Fearful Symmetry

by Virginia Parker Staat

TYGER, tyger, burning bright
In the forests of the night,
What immortal hand or eye
Could frame thy fearful symmetry?
~ William Blake, from The Tyger, 1794

 The tiger… known for his symmetrical stripes…. stripes capable of illusionary camouflage.

The beast fascinates me with his raw beauty, remarkable stealth, and ferocious power. Amazingly, the tiger also offers an incredible parallel to good writing.

Tiger © Kenita Gibbins

Symmetry exists when elements balance one another… like a tiger’s stripes. Symmetry offers unity and harmony. Humans long for symmetry in design, whether it be in nature or art. As photographers, we aim for symmetry in a nine-grid frame. In writing, we aim for symmetry in grammar and format. When symmetry is missing, our work has an awkward, jarring, confusing effect.

A good example of failed symmetry is a recent encounter I had with a production of Charles Dickens’ Christmas Carol. The Carol is probably my favorite story, movie, and play. I love its profoundly redemptive plot, its Victorian setting, and its rich characters. I have read it, taught it, and watched it… over and over.

When a young friend wanted to go to his first opera to celebrate Christmas last December, I found the premier season of the Christmas Carol Opera playing in Houston. We immediately booked tickets.

Granted, I am hardly an opera connoisseur, but this opera failed miserably in meeting audience expectation. No Victorian setting, no beautiful melodies, no bright-eyed children. For ninety minutes (without intermission), we listened to one actor. That’s right… one. A single tenor, dressed in a modern-day business suit, valiantly sang the role of twenty characters. The stage set was a moveable staircase and six skewed, white chairs. A fifteen-piece orchestra played the score with each instrument playing a different tune. Whole sentences were sung in a single note. People left throughout the performance. Scathing reviews followed.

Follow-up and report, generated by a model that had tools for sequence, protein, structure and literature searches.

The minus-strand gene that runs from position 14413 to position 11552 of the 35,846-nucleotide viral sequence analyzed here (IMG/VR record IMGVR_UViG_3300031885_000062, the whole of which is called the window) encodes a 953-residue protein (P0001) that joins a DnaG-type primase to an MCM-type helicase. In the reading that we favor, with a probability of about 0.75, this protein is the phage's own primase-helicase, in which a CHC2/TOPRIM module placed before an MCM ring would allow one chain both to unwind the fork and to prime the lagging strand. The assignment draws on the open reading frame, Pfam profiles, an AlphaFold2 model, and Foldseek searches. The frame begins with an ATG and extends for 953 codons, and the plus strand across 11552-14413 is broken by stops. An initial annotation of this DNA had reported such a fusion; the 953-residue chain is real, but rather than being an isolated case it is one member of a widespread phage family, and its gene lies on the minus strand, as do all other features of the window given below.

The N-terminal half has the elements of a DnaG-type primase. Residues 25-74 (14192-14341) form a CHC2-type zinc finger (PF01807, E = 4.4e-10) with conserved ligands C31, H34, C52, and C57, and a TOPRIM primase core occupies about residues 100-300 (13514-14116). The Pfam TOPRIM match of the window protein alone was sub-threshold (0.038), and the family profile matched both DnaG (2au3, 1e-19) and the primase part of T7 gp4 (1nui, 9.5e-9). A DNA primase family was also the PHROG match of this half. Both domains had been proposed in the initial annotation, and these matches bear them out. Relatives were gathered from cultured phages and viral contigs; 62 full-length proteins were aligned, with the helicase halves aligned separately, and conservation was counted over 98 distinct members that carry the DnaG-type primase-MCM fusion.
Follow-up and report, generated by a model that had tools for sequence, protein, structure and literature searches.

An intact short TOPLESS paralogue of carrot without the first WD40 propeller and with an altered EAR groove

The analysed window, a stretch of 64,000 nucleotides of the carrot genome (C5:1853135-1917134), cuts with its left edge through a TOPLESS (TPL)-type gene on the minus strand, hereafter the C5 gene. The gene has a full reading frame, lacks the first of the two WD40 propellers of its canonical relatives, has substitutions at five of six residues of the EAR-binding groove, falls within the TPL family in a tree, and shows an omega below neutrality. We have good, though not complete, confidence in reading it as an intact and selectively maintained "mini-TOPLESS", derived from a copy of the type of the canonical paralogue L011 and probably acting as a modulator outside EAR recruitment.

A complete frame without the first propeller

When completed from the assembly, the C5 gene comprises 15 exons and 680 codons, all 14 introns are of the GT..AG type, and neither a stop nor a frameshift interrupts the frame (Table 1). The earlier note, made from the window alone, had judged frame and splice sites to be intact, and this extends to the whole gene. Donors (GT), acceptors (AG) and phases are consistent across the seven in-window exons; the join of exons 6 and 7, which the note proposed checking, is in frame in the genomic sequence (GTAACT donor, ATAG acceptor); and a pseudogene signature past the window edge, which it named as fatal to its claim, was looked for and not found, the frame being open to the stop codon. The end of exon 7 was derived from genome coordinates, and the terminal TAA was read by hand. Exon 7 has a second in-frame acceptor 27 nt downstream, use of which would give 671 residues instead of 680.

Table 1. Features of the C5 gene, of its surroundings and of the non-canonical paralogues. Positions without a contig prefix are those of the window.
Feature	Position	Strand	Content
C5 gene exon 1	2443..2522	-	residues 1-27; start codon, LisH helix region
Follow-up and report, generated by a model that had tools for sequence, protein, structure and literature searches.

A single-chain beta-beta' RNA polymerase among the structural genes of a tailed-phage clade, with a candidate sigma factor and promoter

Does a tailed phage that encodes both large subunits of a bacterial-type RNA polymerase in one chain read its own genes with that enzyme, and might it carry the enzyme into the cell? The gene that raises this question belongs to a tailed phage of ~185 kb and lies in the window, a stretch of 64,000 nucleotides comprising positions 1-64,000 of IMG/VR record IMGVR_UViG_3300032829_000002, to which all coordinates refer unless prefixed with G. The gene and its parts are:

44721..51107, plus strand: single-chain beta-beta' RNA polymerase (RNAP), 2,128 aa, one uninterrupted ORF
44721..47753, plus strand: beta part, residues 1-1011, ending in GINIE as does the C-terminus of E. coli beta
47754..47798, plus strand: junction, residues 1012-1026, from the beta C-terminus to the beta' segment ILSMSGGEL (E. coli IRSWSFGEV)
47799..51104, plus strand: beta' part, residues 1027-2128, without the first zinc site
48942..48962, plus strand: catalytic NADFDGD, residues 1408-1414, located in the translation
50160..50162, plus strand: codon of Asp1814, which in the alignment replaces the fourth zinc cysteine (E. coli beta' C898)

What went wrong? In my humble estimation, the opera lacked symmetry. It was incongruent with Dickens’ original novella. The audience longed for period costumes and furniture. We longed for lyrical melodies that beckoned Christmas. We longed for characters to love. Not only did we long for it… we expected it. The contemporary opera simply did not deliver.

Lack of symmetry in writing affects our readers in a similar fashion. In hallowed halls, symmetry is called parallel structure. Faulty parallel structure is called shifted construction. Shifted construction messes with a reader’s mind.

Parallel structure permeates every facet of writing from verbs to phrases to clauses to bulleted paragraphs. Parallel structure balances sentences, clarifies meaning, unifies format, and creates a satisfying rhythm to our work. Recent research indicates, “When it comes to making people care about information, visual appeal matters” (Gasper and Middlewood, Journal of Experimental Social Psychology, 2014). Their study further reported, “Asymmetrical designs may grab people’s attention, but if your goal is to get people intrigued, inspired, or involved, proportionality is your pal.”

The simple key to attaining symmetry in your writing is to maintain patterns. If you begin with an action verb, don’t change to a passive verb in the same sentence. If you begin a series with a gerund, all subsequent terms should be gerunds. If you begin your bulleted paragraphs with an imperative verb, stick with it throughout the list.

Symmetry also answers most writing questions. Here are a few examples:

Should my tense be present or past?

Should my voice be first or third person?

Should my style be personal or impersonal?

The answer to each is the same… whichever choice you make (and each is acceptable), maintain it throughout your manuscript. It provides your readers symmetry.

Faulty symmetry confuses our readers, giving our work a choppy, inconsistent feel. By maintaining symmetry in our writing, we, like a tiger’s stripes, create an illusionary camouflage that focuses our reader’s attention on our words rather than form. Symmetry provides an alluring rhythmic pattern and clarity that brings our readers back time and again.